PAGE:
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Home Brew Forums > Home Brewing Beer > Beginners Beer Brewing Forum > Similar aftertaste in first two batches
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Old 12-24-2008, 04:07 PM   #1
phidelt844
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Default Similar aftertaste in first two batches

I made my first extract beer (called 'American Light') about 10 weeks ago. It was from my LHBS and in a can, so I'm guessing the extract was older. I followed the instructions in the kit, so I only boiled 30 mins.

Second kit I ordered from a reputable vendor online. Nut brown ale, LME in a bag with steeping grains. I did not do any late extract addition, and boiled 60 minutes.

These were both partial boils using my tap water, which I'm thinking may be a bit hard. Fermentation got up a bit, to ~70-72. I was using Safale 05 and 04, I believe. Left in primary 4 weeks each. First brew's been in the bottle for ~7 weeks, second for ~3 weeks.

I've done some searching on aftertaste and my ideas of what is causing it in my beers, but haven't come up with anything concrete.

Now, as for the off flavor... on my initial sip, the beer tastes fantastic in both cases. However, AFTER I swallow, I get a kind of 'hot' plasticy flavor and almost makes me want to smack my tongue. I called my LHBS and asked about water, to which he replies that my area's water can fluctuate throughout the year, but he recommends an in-line filter (which I will be trying next time). Regardless, he said that bad water would cause a band-aid type flavor (which I've read here as well), but that it would be up front on the palette, not after swallowing. I also thought it could be high fermentation temps, but again, I would assume that would affect the entire flavor profile. My third guess is extract twang, but seeing as my first batch was only a 30 minute boil, I'm not sure on that either...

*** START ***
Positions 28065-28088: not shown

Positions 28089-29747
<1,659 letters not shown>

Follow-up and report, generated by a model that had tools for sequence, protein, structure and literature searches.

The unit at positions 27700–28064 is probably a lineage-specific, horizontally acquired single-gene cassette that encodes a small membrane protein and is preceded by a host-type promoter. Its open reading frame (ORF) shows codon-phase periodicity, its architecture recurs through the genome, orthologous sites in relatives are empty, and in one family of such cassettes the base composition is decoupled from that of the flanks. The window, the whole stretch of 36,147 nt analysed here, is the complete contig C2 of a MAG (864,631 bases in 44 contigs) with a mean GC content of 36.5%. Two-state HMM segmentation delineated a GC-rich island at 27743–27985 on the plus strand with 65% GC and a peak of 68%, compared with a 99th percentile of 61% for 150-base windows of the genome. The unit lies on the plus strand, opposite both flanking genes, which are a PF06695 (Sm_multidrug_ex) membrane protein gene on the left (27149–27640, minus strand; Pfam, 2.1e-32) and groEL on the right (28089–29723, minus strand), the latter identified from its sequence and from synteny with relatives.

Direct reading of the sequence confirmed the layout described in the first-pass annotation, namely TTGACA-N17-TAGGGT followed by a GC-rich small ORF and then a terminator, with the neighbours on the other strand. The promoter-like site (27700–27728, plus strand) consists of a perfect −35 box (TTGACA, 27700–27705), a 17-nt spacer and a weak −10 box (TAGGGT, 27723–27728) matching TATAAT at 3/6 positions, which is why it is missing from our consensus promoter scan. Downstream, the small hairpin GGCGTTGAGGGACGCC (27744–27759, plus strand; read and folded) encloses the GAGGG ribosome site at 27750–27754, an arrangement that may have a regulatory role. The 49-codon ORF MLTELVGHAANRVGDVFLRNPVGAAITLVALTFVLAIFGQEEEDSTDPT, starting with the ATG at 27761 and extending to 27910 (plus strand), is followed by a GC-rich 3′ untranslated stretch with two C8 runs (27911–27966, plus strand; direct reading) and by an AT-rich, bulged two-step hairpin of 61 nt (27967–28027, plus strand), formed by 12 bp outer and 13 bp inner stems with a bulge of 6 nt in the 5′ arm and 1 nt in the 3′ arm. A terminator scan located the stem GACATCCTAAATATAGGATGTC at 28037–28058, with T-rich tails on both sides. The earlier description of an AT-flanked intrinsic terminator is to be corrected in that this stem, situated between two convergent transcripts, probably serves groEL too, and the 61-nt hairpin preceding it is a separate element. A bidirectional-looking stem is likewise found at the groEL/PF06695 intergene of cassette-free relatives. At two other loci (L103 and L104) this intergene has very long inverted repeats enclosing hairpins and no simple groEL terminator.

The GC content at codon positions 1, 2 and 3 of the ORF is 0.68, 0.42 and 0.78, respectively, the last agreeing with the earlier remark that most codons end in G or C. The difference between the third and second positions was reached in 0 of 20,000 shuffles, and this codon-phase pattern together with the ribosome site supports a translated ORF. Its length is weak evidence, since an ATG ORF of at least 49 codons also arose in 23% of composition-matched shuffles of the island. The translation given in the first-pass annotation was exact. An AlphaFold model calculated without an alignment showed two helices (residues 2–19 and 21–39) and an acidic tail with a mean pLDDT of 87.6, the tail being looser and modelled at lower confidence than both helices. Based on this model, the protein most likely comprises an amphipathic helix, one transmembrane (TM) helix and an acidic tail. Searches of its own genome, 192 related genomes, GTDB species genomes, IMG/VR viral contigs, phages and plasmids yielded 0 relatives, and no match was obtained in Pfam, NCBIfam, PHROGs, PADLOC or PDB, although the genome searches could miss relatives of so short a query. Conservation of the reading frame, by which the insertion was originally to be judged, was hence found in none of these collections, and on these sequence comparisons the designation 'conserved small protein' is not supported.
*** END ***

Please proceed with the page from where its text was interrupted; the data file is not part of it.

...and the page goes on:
So in summary:
I have a similar aftertaste in both my beers, even though they are completely different styles.

I'm thinking one of the following:
poor water
extract twang
high fermentation temps

Anyone have any ideas on this? I've got two PM brews fermenting as we speak (lowered fermentation temps and did late extract additions), but it will be awhile until I can test them out. I think I'm going to run a brew down to my LHBS this coming weekend for his input, but I'm really working to convince myself I didn't ruin my next two beers, too! This post is getting too long.. but what would cause a similar off flavor after actually swallowing the beer? Thanks!